9. The case for early identification and intervention of chronic kidney disease: conclusions from a Kidney Disease: Improving Global Outcomes (KDIGO) Controversies Conference [Internet]. Kidney International. International Society of Nephrology; 2021 [cited 2022Oct14]. Available from: https://www.kidney-international.org/action/showPdf?pii=S0085-2538%2820%2931210-2
10. House AA et al. Heart failure in chronic kidney disease: Conclusions from a Kidney Disease: Improving Global Outcomes (KDIGO) Controversies Conference. Kidney Int 2019; 95(6):1304–17.
11. Segall L et al. Heart failure in patients with chronic kidney disease: A systematic integrative review. Biomed Res Int 2014; 2014:937398.
12. Löfman I et al. Associations with and prognostic impact of chronic kidney disease in heart failure with preserved, mid-range, and reduced ejection fraction. Eur J Heart Fail 2017; 19(12):1606–14.
13. Ceriello A, Catrinoiu D, Chandramouli C, Cosentino F, Dombrowsky AC, Itzhak B, Lalic NM, Prattichizzo F, Schnell O, Seferović PM, Valensi P, Standl E; D&CVD EASD Study Group. Heart failure in type 2 diabetes: current perspectives on screening, diagnosis and management. Cardiovasc Diabetol. 2021 Nov 6;20(1):218. doi: 10.1186/s12933-021-01408-1. PMID: 34740359; PMCID: PMC8571004.
14. Tourki B, Halade GV. Heart Failure Syndrome With Preserved Ejection Fraction Is a Metabolic Cluster of Non-resolving Inflammation in Obesity. Front Cardiovasc Med. 2021 Aug 2;8:695952. doi: 10.3389/fcvm.2021.695952. PMID: 34409075; PMCID: PMC8367012.
15. Montford JR et al. How Dangerous is Hyperkalaemia? J Am Soc Nephrol. 2017 Nov;28(11):3155-3165.
16. Joseph J, P S S, James J, Abraham S, Abdullakutty J. Guideline-directed medical therapy in heart failure patients: impact of focused care provided by a heart failure clinic in comparison to general cardiology out-patient department. Egypt Heart J. 2020 Aug 24;72(1):53. doi: 10.1186/s43044-020-00088-8. PMID: 32833163; PMCID: PMC7445219.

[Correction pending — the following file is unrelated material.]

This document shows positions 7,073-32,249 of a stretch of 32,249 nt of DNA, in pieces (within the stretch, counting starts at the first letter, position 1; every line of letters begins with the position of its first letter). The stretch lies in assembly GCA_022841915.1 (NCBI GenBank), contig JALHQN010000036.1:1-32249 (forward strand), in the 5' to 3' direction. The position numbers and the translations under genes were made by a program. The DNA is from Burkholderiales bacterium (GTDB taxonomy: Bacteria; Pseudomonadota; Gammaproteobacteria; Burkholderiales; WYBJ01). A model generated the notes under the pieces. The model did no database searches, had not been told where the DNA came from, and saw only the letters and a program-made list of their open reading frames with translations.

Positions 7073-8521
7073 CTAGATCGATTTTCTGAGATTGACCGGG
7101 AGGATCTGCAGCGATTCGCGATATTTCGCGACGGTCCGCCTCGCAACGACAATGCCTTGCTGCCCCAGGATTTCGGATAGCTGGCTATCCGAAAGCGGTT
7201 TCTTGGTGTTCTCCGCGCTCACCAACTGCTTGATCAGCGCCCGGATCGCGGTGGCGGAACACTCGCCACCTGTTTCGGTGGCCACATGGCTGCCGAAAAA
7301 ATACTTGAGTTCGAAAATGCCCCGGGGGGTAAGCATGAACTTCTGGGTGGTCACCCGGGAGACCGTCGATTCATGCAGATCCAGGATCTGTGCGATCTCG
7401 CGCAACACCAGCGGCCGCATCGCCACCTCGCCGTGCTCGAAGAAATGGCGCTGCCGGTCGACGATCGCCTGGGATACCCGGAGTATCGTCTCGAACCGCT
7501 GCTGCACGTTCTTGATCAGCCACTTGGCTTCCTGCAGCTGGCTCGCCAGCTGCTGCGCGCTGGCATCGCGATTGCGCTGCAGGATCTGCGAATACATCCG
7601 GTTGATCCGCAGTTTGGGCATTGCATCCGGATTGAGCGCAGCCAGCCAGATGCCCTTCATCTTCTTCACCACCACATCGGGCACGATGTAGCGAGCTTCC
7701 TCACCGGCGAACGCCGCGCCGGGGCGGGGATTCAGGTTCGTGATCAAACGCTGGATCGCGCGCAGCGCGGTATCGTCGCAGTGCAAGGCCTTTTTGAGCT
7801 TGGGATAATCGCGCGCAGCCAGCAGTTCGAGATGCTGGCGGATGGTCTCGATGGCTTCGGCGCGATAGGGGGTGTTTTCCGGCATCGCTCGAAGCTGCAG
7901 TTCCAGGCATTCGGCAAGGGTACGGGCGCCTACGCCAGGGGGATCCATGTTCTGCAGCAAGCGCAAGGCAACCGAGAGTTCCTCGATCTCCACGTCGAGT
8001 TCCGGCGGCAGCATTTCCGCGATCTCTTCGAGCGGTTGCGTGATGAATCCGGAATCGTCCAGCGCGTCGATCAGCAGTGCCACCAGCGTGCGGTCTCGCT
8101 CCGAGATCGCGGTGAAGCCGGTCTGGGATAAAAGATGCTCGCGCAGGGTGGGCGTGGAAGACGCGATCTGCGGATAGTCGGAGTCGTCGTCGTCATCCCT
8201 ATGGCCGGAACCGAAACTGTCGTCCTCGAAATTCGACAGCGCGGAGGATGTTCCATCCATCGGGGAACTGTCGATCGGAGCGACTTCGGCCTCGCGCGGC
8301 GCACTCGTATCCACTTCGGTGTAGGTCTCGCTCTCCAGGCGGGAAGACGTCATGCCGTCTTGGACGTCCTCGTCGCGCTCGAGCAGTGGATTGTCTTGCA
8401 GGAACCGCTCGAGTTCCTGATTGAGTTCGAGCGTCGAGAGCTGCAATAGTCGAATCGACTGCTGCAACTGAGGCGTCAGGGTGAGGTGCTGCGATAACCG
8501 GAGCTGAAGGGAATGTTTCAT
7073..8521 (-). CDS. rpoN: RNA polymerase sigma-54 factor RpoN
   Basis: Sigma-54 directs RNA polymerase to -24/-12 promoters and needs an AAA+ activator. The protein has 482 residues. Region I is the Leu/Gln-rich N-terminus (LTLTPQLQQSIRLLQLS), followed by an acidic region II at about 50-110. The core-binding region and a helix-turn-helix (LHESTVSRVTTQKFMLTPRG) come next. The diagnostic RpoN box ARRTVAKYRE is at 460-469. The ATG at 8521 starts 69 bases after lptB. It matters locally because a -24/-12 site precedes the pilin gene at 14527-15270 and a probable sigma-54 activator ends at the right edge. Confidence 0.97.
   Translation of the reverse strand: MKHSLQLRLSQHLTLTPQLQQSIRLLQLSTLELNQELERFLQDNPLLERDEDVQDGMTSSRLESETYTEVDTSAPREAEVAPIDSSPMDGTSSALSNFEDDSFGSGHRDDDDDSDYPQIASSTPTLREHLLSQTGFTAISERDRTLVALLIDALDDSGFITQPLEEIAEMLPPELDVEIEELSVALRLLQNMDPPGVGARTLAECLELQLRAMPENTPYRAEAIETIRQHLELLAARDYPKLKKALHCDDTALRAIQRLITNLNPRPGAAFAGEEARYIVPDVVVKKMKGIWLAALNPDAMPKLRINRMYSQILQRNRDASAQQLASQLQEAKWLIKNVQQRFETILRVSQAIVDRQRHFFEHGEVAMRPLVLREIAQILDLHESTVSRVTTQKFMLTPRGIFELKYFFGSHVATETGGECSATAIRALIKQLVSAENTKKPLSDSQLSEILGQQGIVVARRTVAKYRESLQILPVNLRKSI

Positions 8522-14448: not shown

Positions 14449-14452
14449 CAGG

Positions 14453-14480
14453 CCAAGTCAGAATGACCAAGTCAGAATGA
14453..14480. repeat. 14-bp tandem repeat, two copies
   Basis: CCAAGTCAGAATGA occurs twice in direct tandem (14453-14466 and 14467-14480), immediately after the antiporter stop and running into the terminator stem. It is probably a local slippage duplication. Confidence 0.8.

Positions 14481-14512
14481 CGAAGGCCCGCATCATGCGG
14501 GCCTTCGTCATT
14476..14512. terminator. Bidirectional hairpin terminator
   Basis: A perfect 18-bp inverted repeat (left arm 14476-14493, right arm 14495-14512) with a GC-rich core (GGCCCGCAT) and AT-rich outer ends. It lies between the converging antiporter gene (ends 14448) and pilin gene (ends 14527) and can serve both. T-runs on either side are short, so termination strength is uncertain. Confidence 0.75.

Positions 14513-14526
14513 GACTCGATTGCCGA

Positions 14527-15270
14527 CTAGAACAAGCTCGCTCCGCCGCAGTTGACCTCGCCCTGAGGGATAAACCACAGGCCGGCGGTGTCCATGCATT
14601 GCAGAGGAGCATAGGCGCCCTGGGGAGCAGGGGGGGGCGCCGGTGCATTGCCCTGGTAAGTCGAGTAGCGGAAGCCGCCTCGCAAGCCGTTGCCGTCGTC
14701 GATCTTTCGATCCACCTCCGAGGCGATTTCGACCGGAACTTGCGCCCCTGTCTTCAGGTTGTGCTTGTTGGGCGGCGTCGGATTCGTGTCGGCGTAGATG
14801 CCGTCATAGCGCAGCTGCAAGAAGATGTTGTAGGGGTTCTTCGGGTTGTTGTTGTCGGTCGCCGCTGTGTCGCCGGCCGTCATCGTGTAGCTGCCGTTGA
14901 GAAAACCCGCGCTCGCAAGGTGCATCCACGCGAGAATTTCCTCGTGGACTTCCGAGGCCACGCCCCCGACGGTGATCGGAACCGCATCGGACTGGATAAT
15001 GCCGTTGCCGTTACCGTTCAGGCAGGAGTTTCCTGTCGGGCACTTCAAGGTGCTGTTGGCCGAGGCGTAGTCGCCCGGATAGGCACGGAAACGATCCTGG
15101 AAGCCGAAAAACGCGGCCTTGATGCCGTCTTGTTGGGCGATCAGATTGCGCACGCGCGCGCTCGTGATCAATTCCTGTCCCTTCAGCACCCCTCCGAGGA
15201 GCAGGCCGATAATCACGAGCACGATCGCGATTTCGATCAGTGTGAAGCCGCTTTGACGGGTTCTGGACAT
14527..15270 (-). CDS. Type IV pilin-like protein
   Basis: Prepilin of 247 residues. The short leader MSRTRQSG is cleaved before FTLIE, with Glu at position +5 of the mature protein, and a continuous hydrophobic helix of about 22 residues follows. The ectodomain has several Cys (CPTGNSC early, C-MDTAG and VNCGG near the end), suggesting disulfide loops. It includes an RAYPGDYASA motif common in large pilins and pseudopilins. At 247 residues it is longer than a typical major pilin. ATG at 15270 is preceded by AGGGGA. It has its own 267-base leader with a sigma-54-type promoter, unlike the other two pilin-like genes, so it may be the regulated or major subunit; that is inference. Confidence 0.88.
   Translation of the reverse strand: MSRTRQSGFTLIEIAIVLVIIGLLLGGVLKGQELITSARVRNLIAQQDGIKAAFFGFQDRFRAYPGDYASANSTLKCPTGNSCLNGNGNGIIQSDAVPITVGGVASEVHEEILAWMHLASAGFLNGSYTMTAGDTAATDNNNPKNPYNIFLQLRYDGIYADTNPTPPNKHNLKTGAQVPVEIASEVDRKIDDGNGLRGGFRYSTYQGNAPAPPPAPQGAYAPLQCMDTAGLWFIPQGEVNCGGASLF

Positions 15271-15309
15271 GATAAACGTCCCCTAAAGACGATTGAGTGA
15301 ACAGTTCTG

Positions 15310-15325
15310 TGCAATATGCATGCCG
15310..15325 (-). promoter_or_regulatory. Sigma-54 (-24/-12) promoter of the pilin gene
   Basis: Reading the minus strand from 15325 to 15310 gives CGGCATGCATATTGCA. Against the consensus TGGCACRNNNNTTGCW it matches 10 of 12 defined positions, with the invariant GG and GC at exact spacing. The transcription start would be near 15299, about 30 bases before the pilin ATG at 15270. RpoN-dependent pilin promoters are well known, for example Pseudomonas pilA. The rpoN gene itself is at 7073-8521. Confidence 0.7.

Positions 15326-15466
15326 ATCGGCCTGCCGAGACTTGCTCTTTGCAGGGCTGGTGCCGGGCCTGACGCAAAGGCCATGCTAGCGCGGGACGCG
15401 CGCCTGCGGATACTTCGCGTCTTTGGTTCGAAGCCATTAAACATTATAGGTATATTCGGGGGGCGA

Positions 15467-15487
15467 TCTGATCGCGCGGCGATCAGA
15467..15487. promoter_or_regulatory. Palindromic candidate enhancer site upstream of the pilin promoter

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18. Epstein M, Reaven NL, Funk SE, McGaughey KJ, Oestreicher N, Knispel J. Evaluation of the Treatment Gap Between Clinical Guidelines and the Utilization of Renin-Angiotensin-Aldosterone System Inhibitors. The American Journal of Managed Care 2015; 21(11 Supplement).
19. Centers for Disease Control and Prevention. Chronic Kidney Disease in the United States 2021; [cited 2022 June 14]. Available from URL: https://www.cdc.gov/kidneydisease/pdf/Chronic-Kidney-Disease-in-the-US-2021-h.pdf
20. Rangaswami, J., Bhalla, V., Blair, J. E. A., Chang, T. I., Costa, S., Lentine, K. L., E. V., Mezue, K., Molitch, M., Mullens, W., (2019, March 11). Cardiorenal Syndrome: Classification, pathophysiology, diagnosis, and treatment strategies: A scientific statement from the American Heart Association. Circulation. Retrieved October 24, 2022, from https://www.ahajournals.org/doi/10.1161/CIR.0000000000000664
21. Wang Y, Ng K, Byrd RJ, Hu J, Ebadollahi S, Daar Z, et al. Early detection of heart failure with varying prediction windows by structured and unstructured data in Electronic Health Records [Internet]. Annual International Conference of the IEEE Engineering in Medicine and Biology Society. IEEE Engineering in Medicine and Biology Society. Annual International Conference. U.S. National Library of Medicine; 2015 [cited 2022Oct23]. Available from: https://pubmed.ncbi.nlm.nih.gov/26736807/
22. Heidenreich PA, et al. 2022 AHA/ACC/HFSA Guideline for the Management of Heart Failure: A report of the American College of Cardiology/American Heart Association Joint Committee on Clinical Practice Guidelines. J Am Coll Cardiol. 2022;79(17):e263-421.
23. KDIGO 2012 Clinical Practice Guideline for the Evaluation and Management of Chronic Kidney Disease [Internet]. Official Journal of the International Society of Nephrology. International Society of Nephrology; 2012 [cited 2022Oct14]. Available from: https://kdigo.org/wp-content/uploads/2017/02/KDIGO_2012_CKD_GL.pdf
24. McDonagh TA, Metra M, Adamo M, et al. 2021 ESC guidelines for the diagnosis and treatment of acute and chronic heart failure [article and supplementary data]. Eur Heart J. 2021;42:3599-3726. doi:10.1093/eurheartj/ehab368.